Sustainable Halibut: Yes to Pacific, No to Atlantic

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You should eat fish at least twice a week, according to the American Heart Association. It’s a great source of omega-3 fatty acids, which help prevent heart disease.

But concerns over mercury toxicity have prompted many consumers to avoid the fish counter. Luckily, resources like the Monterey Bay Aquarium’s Seafood Watch and the Environmental Defense Fund’s Seafood Selector allow you to make safe, healthful meal decisions.

Pacific vs. Atlantic 

Pacific halibut, caught along the West Coast from California to Alaska, is an eco-best choice. Alaska, in fact, is home to 75% of the halibut caught in the United States. 

Fresh, wild Pacific halibut is usually available between March and November. Frozen halibut roasts, fillets and steaks are available year-round.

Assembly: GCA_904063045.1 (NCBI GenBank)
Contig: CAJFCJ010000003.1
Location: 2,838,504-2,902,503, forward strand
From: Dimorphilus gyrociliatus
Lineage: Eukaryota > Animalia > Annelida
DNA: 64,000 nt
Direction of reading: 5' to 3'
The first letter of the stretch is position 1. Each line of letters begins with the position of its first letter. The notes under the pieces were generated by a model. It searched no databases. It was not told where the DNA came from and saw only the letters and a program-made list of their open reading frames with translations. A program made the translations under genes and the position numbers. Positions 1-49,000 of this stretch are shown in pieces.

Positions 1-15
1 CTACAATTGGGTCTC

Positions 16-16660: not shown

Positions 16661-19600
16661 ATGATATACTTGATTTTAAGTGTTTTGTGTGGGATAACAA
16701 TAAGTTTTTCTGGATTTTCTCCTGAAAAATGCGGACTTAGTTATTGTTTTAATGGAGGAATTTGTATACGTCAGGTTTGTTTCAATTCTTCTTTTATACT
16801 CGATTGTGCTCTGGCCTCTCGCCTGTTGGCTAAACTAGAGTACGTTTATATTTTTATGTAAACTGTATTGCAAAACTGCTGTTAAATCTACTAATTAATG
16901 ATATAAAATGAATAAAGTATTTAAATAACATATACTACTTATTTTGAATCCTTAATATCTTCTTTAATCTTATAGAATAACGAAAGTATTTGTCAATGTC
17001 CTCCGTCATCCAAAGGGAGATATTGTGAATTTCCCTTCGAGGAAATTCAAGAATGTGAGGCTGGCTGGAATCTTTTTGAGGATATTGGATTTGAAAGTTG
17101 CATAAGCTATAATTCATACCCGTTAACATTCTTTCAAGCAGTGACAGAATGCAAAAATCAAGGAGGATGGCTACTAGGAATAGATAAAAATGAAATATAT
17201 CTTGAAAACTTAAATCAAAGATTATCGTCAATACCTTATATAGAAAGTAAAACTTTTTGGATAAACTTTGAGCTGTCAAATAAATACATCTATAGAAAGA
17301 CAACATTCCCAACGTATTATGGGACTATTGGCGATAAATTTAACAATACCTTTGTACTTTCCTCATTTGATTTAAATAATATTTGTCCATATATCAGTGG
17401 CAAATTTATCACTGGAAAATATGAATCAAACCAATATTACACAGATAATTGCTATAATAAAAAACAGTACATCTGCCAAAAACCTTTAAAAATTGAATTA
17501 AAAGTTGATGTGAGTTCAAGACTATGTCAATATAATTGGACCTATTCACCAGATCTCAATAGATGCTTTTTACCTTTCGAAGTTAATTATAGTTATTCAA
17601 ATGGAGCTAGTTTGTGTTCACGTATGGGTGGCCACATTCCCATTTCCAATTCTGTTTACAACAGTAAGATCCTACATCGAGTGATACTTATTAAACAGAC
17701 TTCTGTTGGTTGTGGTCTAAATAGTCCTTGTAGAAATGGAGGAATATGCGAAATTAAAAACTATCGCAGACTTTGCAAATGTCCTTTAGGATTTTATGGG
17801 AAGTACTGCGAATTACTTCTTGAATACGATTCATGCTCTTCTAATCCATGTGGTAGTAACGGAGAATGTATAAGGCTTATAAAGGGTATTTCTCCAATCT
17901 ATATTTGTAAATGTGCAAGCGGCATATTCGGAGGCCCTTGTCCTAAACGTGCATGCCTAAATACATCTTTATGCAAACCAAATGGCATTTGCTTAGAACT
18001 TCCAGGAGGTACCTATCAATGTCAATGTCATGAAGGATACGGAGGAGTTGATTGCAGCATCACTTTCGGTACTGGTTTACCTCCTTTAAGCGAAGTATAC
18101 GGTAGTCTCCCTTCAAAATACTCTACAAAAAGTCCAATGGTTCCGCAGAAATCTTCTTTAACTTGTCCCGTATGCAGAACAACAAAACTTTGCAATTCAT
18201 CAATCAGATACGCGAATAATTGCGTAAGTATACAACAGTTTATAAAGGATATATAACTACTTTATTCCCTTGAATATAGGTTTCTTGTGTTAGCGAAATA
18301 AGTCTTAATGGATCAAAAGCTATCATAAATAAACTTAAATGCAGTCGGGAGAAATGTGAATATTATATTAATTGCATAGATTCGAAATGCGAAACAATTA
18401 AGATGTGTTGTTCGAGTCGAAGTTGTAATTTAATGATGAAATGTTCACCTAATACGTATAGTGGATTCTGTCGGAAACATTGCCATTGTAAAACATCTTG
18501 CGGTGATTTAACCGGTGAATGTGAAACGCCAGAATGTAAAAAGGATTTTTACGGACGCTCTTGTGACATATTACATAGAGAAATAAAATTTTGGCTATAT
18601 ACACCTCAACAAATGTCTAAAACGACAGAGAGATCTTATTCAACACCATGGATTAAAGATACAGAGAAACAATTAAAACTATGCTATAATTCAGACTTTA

Atlantic halibut is another story. It’s an eco-worst choice, as it contains unsafe levels of mercury and polychlorinated biphenyls (PCBs), toxic industrial chemicals.

The Price Factor 

Pacific halibut is one of my favorite fish selections because it’s firm and flaky in texture, mild-tasting and extremely versatile. You can grill, bake, roast and sauté it, as several of our blog recipes prove: 

Halibut fillets, however, can be expensive. On my latest shopping trip, I blanched at the price: $20 per pound. 

Feeling frugal, I opted for sustainable Alaskan cod, which has been on sale over the last month for $6 to $8 per pound at local markets. Another firm fish, it can replace halibut in any of the recipes cited above. 

For Your Organic Bookshelf: Ocean Friendly Cuisine: Sustainable Seafood Recipes from the World’s Finest Chefs

Photo courtesy of Robert Hsiao

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